key informant interviews found mostly strengths and some “lessons learned” from the SK approach:
collaborators worked well together (“soft” management skills)
allowance for flexibility in partnership so some task teams can take on specific projects without necessarily implicating or engaging entire network
recommended guidelines for horizontal collaboration projects to be funded by federal government in the future</li></li></ul><li>Existing research: 2010<br /><ul><li>SMAHHR project: “Seeking models of aboriginal health human resources” received CIHR funding in 2006, signed research partnership agreement with Northern Inter-Tribal Health Authority (NITHA) in July 2007. SAHO and Health Canada were supportive co-applicants.
Project launched to identify and elaborate indigenous ways of understanding health and indigenous ways of “managing human resources.” Project runs to September 30 2010</li></li></ul><li>Key preliminary findings relevant to our discussion today:<br /><ul><li> successful partnerships between aboriginal and non-aboriginal organizations and individuals should be constructed in an ethical space, where indigenous and non-indigenous world views have equal standing, not western dominant
indigenous ways of thinking about and doing management of HR are wholisitic and focus on maintaining “good relations” and are likely exemplars for better management for everyone, not just aboriginal peoples
aboriginal employees face multiple challenges and require supports such as career pathing to overcome effects of colonialism, racism, etc. </li></ul>Existing research 2010 (continued)<br />
Summary: RWF policies and practices<br />policy framework was based on evidence of what worked, what wasn’t working, particularly building and maintaining strong partnerships at all levels, plus taking a long-term, wholistic approach to aboriginal employment development<br />“Saskatchewan model” seen as national best practice<br />no clear benchmarks; still a long way to go; some employers frustrated with “touchie-feelie” approach – they believe it should just be up to training institutions to prepare employees, aboriginal or otherwise<br />
Unemployment rates, by EI Region<br />Saskatchewan experienced the highest yearly rate of employment growth (+2.6%, or 13,200 added to the labour force) during the 2008-09 fiscal year. This was the first time that Saskatchewan held the top rank in employment growth since comparable data were first recorded in 1976/77<br />Source: EI Monitoring and Assessment Report 2009<br />Human Resources and Skills Development Canada<br /> Annex 1.1 - Unemployment Rate, by EI Region<br />http://www.hrsdc.gc.ca/eng/employment/ei/reports/eimar_2009/index.shtml<br />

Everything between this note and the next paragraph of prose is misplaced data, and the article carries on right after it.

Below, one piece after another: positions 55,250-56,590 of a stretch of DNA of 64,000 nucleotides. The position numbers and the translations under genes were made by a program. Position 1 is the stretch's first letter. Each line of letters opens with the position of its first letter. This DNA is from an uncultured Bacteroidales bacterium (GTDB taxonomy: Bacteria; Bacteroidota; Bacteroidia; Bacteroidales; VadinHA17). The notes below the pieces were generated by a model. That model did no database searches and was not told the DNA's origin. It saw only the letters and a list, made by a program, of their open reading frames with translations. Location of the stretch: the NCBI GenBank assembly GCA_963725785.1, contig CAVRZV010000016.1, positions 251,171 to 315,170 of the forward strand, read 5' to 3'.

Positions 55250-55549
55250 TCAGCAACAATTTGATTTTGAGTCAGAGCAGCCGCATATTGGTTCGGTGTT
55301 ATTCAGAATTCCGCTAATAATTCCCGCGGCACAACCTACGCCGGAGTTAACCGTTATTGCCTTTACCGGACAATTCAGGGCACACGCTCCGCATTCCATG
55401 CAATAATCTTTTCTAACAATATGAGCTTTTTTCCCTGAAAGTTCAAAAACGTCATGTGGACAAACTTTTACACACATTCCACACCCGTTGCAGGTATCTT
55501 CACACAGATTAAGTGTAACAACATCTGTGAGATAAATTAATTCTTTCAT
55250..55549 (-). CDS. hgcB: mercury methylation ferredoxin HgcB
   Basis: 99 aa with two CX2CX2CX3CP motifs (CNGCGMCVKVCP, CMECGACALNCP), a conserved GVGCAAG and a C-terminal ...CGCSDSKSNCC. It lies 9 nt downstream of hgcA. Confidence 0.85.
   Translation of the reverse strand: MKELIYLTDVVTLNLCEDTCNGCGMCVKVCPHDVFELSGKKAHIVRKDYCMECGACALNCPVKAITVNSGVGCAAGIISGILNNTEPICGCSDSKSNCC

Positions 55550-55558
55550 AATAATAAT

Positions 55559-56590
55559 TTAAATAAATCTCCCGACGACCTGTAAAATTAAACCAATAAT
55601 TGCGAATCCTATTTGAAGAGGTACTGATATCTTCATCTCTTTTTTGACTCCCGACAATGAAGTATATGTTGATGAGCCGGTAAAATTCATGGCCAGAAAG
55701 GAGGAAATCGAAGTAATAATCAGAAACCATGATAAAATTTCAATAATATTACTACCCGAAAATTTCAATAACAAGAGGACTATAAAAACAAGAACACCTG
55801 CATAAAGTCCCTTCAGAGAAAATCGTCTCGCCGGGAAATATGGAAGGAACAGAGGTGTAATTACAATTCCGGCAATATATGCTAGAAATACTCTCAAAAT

June 2, 2009<br />21<br />Saskatchewan’s Aboriginal Population in 2006<br />Excluding the population in collective dwellings, there were 141,890 persons who reported an Aboriginal identity in 2006.<br />Approximately two thirds are First Nation members, almost all of whom are “Registered” in the sense of The Indian Act.<br />There are about 3,000 individuals who reported that they were: <br />Indian although not registered, <br />Inuit, <br />another Aboriginal identity, or <br />a combination of these.<br />
June 2, 2009<br />22<br />Aboriginal Population in 2006: Interprovincial Comparison<br />Manitoba and Saskatchewan are, by far, the provinces with the largest Aboriginal populations as a percentage of the total population.<br />Although the largest proportion of Aboriginal people in Canada live in Manitoba and Saskatchewan, the highest number are in Ontario. In 2006, there were 242,000 Aboriginal people in Ontario compared with Saskatchewan’s 142,000.<br />
June 2, 2009<br />23<br />Basic Counts: Residence in Urban Areas<br />As a proportion of the total population, Aboriginal people are more common in Prince Albert and North Battleford.<br />They are less common in Regina and Saskatoon and almost non-existent in southern urban centres such as Estevan and Swift Current.<br />Among urban centres, the fastest growing Aboriginal population from 2001 to 2006 was in Prince Albert.<br />
June 2, 2009<br />24<br />Completed Education: Changes over Time<br />The levels of completed education are rising in the Aboriginal and non-Aboriginal populations in Saskatchewan. The gap between the two is, however, widening.<br />From 1996 to 2006, for example, the proportion of adults with a post-secondary education increased:<br />from 37% to 45% in the Non-Aboriginal population; and<br />from 23% to 29% in the Aboriginal population.<br />
June 2, 2009<br />25<br />Employment: Interprovincial Comparison, 2006<br />The employment rates for the Aboriginal population are lower in Saskatchewan than in Canada as a whole or in either of our neighbouring provinces.<br />